Kishoore Ramanathan, a fourth-year student majoring in English literature with a minor in biological sciences, also plans to attend graduate school. For him, this will include attaining his bachelor of education before pursuing further studies, and eventually a career, in education administration. Though not directly related to his future career plans, Ramanathan nevertheless feels that his undergraduate studies have contributed valuable skills.

“English Lit [...] is all about mastering communication and identifying other people’s ideas. [...] Being able to identify people’s perspectives and identify how to communicate best with people is difficult and it’s something that we have to practice all the time,” Ramanathan said.

His minor in biology, in addition to providing laboratory skills and allowing him to further explore his passion for biology, has “really given [him] an appreciation for diversity.”

Work Experience

Another common refrain from students was the importance of work experience and a holistic approach to qualifications.

Siddarth Chadha, a fourth-year electrical engineering student currently completing a co-op term as a quality assurance engineer with Universal Douglas, expressed his belief in the importance of work experience and of the co-op program in particular.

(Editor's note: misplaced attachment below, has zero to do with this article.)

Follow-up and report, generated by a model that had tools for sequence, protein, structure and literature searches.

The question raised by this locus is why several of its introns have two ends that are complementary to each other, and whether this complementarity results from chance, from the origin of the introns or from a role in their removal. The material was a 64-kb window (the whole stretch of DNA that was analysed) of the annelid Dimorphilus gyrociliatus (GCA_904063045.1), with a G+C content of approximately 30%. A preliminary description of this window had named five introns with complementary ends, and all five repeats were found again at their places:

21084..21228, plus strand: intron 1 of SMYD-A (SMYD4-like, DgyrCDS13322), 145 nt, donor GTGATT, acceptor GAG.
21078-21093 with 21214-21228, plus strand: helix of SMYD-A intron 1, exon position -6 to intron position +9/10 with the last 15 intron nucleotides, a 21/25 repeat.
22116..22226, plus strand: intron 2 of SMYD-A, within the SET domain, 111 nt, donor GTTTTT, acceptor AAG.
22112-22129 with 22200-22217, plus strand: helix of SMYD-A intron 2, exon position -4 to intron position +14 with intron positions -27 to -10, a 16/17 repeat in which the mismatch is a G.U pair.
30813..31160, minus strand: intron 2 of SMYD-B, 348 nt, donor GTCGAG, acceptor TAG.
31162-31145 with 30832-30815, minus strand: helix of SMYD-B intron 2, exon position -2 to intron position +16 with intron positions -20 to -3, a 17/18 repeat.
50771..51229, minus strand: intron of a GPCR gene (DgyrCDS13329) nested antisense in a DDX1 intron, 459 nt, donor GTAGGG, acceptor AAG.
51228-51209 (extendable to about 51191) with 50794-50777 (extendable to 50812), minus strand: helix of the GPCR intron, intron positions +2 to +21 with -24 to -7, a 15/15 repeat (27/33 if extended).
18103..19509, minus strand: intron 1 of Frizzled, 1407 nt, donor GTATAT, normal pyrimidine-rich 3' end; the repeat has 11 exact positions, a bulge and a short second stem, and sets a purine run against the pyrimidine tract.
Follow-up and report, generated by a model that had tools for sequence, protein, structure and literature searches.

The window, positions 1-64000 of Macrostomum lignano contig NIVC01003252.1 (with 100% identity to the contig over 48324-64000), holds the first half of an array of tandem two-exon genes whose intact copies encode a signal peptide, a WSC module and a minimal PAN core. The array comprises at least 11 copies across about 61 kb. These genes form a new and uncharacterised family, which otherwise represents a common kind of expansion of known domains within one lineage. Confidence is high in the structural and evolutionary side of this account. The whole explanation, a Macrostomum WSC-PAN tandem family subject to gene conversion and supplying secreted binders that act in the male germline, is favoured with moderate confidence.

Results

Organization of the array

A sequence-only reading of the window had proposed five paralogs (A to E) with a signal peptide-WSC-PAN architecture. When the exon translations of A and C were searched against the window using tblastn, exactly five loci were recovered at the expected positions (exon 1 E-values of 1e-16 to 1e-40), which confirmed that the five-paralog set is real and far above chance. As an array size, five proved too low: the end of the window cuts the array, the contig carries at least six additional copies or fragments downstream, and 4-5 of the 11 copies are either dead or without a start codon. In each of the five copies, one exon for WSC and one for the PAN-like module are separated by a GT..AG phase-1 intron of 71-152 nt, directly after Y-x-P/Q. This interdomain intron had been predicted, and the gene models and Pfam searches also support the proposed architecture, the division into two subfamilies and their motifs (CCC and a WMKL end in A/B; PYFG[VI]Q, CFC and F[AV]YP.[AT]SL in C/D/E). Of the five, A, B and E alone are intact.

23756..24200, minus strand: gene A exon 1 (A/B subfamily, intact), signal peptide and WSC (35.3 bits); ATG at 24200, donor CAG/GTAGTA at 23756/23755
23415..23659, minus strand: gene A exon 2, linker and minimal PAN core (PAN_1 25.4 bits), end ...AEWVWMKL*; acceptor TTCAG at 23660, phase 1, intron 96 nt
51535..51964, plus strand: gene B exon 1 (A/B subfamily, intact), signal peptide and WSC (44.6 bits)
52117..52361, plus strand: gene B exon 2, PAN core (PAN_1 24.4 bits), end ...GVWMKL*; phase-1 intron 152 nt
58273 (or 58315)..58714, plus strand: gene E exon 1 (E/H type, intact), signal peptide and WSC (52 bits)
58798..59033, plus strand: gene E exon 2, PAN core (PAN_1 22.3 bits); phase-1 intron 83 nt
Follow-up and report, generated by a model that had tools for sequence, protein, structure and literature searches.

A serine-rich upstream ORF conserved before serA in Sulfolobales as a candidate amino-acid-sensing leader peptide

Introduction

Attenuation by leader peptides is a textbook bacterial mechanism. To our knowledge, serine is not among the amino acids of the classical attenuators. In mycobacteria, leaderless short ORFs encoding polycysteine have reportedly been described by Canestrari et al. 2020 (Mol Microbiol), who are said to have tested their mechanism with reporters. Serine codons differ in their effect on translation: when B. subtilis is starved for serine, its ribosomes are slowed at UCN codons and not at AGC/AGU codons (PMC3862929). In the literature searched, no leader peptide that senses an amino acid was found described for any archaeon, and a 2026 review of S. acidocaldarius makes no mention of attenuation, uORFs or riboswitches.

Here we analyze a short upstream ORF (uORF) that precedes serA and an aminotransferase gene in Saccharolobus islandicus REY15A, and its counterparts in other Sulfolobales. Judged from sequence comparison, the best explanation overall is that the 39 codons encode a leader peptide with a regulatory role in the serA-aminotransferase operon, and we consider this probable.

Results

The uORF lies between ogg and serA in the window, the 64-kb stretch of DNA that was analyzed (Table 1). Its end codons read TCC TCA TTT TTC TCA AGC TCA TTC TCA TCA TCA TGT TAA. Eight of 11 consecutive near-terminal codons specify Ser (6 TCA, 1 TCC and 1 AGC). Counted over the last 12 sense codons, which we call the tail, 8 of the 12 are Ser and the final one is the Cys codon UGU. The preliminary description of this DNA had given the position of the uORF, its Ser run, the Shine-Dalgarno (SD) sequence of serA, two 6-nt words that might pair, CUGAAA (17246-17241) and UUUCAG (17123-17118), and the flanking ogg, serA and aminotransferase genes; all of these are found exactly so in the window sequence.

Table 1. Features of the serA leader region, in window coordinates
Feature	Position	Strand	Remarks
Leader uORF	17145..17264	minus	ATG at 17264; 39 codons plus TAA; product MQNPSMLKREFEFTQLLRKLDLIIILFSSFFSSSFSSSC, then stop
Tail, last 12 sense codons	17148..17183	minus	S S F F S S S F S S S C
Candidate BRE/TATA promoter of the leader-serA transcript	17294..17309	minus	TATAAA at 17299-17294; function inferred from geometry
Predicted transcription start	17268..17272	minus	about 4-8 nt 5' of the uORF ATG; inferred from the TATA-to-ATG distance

“Co-op [...] teaches you more time management and collaboration, and just the ins and outs of the working world, which is something that you don’t learn [in university classrooms],” Chadha said.

Chadha believes that his co-op experience and his studies will be equally important in future job applications. He also highlighted the life skills he’s developed in university, stating they were on par with the actual course material.

“University really prepares you, so when you do go out there [in the working world], when you have deadlines, it feels a lot more manageable,” Chadha said.

Anand also highlighted the importance of work and volunteer experience, particularly in physical therapy, which she says is centred on “knowing the science behind [a patient’s] injury ... but it’s also a lot about being able to communicate with the patient why they’re feeling this way.”

With the suspension of the Kinesiology Co-op Program, Anand stated that it has been particularly difficult as an international student to find adequate work or volunteer experience.

“Those are soft skills that can only be developed [by] watching someone, like when you shadow a physiotherapist, or when you yourself are doing it in a very practical environment. My courses or grades don’t teach me that,” Anand said.

For Twigg, too, real-world experience and connections are equally important to the classroom environment, if not more crucial, particularly for her planned work in Indigenous language revitalization.

”Going to school is great, and learning all of this is great, but you have to actually be in the community and working with the community and doing that volunteer experience to really learn from the people around you.”